Satellites typically have long missions (15 to 20 years) and span a wide range of orbits, including geosynchronous Earth orbit (GEO) and deep spaceflight. These large vehicles in deep space have high radiation level requirements and must meet stringent reliability and quality demands so that electronic integrated circuits (ICs) aren't impacted by radiation. With the development of small-satellite constellations that bring broadband Internet access to every corner of the world, there is concern about the length of time these small-satellite constellations can endure the radiation they are subjected to in low Earth orbit (LEO).
These LEO small-satellite constellations—positioned below the Van Allen radiation belt, where most of the destructive particles are trapped—have low radiation and less stringent reliability and quality requirements than their large cousins, according to a new white paper from Intersil Corp. (Milpitas, CA), a Renesas Company. The paper explains how satellite makers are addressing market demands—GEO versus LEO small-satellite constellations—and compares new radiation-tolerant plastic ICs with the commercial off-the-shelf “radiation hardened” ICs that are widely available today.
Companies supporting small-satellite technology are working to navigate the fragmented GEO versus LEO market and develop ways to “engage without dramatically changing their business model.” There also needs to be industry specifications or quality standards to address the small-satellite supplier base, said Intersil’s paper.
“Seeing this emerging need and convergence of requirements for larger satellite constellations in higher LEO altitudes sparked Intersil to engage its customer base. Through in-depth engagements, Intersil has created a cost-effective, radiation-tolerant product development and manufacturing flow to address these emerging small-satellite needs. The result is a new family of products that are being released in small-form-factor, surface-mount plastic packages, typically with nickel/palladium/gold (Ni/Pd/Au) lead finishes,” said Intersil’s paper.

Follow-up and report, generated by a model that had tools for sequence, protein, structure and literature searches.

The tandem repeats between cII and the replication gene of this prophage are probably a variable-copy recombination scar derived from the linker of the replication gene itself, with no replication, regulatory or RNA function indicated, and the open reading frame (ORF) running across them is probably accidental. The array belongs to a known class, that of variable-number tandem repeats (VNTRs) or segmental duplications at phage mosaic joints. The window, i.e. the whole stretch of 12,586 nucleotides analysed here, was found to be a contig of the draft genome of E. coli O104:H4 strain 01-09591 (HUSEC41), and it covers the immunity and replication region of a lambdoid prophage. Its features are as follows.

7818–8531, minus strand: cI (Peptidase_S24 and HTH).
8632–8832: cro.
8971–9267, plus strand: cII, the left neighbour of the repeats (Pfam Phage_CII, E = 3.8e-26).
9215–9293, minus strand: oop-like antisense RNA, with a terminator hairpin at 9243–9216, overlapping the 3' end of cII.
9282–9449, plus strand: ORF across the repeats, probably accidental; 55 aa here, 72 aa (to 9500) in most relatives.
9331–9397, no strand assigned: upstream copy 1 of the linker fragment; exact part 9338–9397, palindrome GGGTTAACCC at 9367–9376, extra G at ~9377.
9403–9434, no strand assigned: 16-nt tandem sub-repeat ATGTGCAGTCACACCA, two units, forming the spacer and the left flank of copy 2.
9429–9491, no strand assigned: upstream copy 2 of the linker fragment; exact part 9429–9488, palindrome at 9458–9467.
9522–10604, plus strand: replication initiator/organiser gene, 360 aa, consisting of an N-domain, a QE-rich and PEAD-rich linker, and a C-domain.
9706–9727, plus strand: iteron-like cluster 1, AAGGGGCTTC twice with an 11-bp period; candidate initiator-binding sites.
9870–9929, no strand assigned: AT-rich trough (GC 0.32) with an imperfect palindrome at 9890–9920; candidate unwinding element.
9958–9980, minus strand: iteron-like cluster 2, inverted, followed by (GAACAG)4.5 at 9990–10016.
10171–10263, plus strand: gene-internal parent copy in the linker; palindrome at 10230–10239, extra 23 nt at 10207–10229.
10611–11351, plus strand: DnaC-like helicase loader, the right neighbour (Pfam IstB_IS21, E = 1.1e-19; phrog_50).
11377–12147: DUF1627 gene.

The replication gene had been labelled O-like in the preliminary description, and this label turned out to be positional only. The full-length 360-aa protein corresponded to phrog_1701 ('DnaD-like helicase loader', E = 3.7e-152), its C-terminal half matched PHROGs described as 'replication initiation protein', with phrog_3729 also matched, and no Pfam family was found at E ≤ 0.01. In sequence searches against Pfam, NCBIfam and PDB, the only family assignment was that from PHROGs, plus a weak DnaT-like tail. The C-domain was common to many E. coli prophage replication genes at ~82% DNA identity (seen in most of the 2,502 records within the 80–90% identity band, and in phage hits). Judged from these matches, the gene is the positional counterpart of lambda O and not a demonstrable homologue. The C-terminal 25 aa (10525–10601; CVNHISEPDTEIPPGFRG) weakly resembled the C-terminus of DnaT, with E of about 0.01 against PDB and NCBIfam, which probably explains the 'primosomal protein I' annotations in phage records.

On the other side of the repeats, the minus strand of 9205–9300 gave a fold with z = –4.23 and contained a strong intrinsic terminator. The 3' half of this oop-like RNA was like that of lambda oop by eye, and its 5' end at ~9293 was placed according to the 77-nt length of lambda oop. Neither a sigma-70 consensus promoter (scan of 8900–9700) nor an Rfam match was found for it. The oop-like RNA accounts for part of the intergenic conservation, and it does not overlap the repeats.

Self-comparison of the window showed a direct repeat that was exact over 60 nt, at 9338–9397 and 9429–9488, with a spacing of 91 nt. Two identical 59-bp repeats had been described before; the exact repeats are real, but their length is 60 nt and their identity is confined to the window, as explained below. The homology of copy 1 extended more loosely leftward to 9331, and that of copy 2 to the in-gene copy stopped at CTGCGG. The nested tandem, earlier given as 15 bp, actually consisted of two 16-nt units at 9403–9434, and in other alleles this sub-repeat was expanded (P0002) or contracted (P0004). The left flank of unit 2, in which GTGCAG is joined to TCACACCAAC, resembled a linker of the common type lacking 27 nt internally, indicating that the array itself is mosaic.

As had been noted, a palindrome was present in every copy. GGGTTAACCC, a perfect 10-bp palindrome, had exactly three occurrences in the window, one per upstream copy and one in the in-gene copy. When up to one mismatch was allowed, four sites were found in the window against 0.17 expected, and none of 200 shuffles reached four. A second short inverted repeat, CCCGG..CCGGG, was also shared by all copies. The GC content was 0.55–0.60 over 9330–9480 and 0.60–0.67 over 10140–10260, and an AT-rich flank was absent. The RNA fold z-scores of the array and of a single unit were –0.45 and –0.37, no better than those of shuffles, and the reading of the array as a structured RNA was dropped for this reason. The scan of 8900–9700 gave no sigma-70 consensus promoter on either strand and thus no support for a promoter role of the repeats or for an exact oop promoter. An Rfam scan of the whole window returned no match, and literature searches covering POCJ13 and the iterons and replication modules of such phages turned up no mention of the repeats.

These ICs will have one-time characterization during development and undergo harsher testing including a military temperature range of -55° to 125°C. “The parts will also be qualified on an AEC-Q100-like basis with up to 2,000 hours of burn-in testing, exposure to 500 temperature cycles and package moisture sensitivity testing. This is a significantly different development and manufacturing flow compared with traditional radiation-hardened products, which have large ceramic packages, radiation assurance testing in the product screening flow, and temperature and burn-in testing on each part in production, all of which drives up the IC cost.”
For large constellations of small satellites in LEO, a single event effect (SEE) occurring would likely be lower than in GEO, but “is still of concern” for these satellites “at an altitude close to or getting into the Van Allen Belt. For heavy digital content ICs, like a microprocessor, an SEE is typically not a catastrophic event. However, when it comes to the device that is powering the microprocessor or processing sensor data signals to the microprocessor, this could be a different story.”
If a satellite’s power device or “operational amplifier are impacted from a heavy ion or particle in such a way that its output is disturbed to unacceptable levels in a transient event, these devices can potentially damage or destroy the device connected to the output, like a microprocessor,” which could mean total “mission failure” for the entire satellite.
Intersil is launching three initial radiation-tolerant, plastic packaged ICs, which will help reduce the size, weight and power of small satellites. “These parts combine commercial-like performance, reliable packages and the radiation performance needed for satellite constellation programs that are cost effective and dramatically minimize program risks,” said Intersil.
In addition to large satellite constellation programs, these products are also suitable for other applications such as launch vehicles, medical equipment, high altitude avionics (aircraft electronics) and nuclear power plants.